Although it can be found at high mountains and coastal dunes, it requires a certain degree of tree coverage and open areas where it can hunt its main prey: rabbits.
The golden eagle (Aquila chrysaetos) is the largest eagle in Spain.
It nests the highest and most inaccessible rock formations and only on rare occasions it nests in trees. It is a super predator, hunting large preys such as goats or roe deers.
The Royal Cabinet
This area aims to recreate the Royal Cabinet of Natural History created in 1771 by the King Carlos III. The current National Museum of Natural History is the inheritor of the Royal Cabinet of Natural History.
Important historical pieces can be observed such as the Asian elephant, the Malayan Pangolin, or an oil painting on canvas with the portrait of a female anteater, among others.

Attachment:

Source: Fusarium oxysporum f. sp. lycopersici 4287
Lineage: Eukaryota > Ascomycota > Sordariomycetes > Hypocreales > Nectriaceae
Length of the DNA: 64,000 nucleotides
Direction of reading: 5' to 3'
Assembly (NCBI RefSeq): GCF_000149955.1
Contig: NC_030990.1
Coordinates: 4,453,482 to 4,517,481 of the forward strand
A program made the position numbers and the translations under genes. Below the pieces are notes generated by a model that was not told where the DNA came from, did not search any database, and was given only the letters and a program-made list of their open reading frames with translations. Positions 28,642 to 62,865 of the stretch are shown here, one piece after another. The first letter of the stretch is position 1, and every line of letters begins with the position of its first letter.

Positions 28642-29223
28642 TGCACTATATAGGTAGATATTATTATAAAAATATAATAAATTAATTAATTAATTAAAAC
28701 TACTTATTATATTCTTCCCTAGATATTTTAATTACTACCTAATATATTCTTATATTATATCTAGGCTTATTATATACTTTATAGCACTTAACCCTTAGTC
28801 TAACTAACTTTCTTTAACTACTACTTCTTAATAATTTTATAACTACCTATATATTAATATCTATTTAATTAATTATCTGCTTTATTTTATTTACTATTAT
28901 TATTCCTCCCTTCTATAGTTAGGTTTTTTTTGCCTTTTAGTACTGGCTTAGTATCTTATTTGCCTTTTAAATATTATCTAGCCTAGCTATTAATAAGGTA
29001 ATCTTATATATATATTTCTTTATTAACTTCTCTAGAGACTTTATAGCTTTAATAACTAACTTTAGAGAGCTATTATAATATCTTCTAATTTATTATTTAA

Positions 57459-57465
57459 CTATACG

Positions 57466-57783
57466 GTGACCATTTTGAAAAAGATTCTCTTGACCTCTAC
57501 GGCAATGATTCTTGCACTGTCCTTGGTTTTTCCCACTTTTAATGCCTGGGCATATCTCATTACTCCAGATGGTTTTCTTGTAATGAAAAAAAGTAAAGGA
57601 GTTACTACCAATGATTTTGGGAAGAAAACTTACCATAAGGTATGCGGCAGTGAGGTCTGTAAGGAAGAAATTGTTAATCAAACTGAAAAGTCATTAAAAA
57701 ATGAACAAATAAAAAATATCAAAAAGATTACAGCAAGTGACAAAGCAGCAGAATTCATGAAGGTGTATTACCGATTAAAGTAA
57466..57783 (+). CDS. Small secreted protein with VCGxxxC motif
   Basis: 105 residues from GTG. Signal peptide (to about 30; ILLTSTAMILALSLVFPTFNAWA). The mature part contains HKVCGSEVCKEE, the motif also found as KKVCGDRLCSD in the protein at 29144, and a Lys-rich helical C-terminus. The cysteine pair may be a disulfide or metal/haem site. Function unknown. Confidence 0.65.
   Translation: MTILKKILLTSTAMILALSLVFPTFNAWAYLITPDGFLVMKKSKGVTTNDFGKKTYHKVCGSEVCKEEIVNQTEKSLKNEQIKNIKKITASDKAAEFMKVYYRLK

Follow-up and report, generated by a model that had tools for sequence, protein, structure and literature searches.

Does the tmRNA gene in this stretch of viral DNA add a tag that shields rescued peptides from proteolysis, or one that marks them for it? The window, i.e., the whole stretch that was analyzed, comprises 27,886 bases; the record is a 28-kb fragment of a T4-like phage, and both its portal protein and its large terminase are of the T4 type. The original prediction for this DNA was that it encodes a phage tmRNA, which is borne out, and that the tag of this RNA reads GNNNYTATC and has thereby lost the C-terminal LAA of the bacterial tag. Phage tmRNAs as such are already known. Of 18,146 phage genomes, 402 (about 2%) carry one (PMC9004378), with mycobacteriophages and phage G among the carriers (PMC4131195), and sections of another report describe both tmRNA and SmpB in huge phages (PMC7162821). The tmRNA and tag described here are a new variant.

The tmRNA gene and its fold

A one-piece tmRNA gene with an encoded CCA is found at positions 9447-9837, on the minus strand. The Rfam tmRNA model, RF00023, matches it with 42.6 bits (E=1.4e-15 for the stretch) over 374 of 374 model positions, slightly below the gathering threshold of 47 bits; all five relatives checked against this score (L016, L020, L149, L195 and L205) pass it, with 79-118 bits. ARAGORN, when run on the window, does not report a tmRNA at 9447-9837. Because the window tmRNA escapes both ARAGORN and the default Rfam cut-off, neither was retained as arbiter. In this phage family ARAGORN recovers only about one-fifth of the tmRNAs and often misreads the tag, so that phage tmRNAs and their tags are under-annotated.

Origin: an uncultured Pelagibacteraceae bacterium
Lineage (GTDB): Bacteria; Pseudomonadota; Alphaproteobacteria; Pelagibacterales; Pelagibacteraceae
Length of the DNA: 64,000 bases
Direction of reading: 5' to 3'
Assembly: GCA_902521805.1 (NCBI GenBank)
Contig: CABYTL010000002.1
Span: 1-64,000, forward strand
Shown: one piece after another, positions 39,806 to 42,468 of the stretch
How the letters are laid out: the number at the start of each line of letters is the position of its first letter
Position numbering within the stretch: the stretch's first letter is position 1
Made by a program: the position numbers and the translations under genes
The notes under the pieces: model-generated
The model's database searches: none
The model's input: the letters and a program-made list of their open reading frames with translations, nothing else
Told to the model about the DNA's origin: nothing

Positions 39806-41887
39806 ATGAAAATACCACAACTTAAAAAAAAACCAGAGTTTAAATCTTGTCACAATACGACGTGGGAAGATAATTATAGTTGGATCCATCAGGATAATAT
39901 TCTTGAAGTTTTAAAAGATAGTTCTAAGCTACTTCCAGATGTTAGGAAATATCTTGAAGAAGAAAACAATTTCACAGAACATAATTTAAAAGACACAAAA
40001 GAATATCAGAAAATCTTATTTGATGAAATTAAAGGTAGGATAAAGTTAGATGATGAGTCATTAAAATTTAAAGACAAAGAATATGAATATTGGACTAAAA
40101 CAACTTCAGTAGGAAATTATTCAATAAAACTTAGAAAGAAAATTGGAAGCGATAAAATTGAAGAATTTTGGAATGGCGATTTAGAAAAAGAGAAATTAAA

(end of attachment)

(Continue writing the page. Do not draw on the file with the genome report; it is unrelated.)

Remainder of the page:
This Malayan Pangolin (Manis javanica) coming from Java, is a historical specimen.
It was a gift from the Museum of Natural History of Leiden (Holland). The pangolins are insectivorous mammals which live in the tropical forests of South East Asia. This species is on the verge of extinction due to hunting.
The Asian elephant is one of the first specimens mounted in Europe. This specimen was a gift from the governor of Philippines to the King Carlos III. Unfortunately, it died in 1777, four years after his arrival in Spain.
Carlos III asked the painter and taxidermist Juan Bautista Brú to naturalize it, for its exhibition at the Royal Cabinet of Natural History, which was inaugurated in the previous year.
The Japanese giant spider crab (Macrocheira kaempferi) is the largest arthropod known today.
It is almost 4 meters long from claw to claw, its forelegs reach up to 1.5 m, and it weighs more than 20 kg. It is very long-lived, some specimens are known to be about 100 years of age.
Oil paint on canvas entrusted to Rafael Mengs by King Carlos III in 1776. The documents provided by the researchers of the MNCN and other specialists reinforce the theory that this could be a painting by Francisco de Goya.
Coordination: Pilar López García-Gallo, Communication and Public Programs Department, MNCN-CSIC.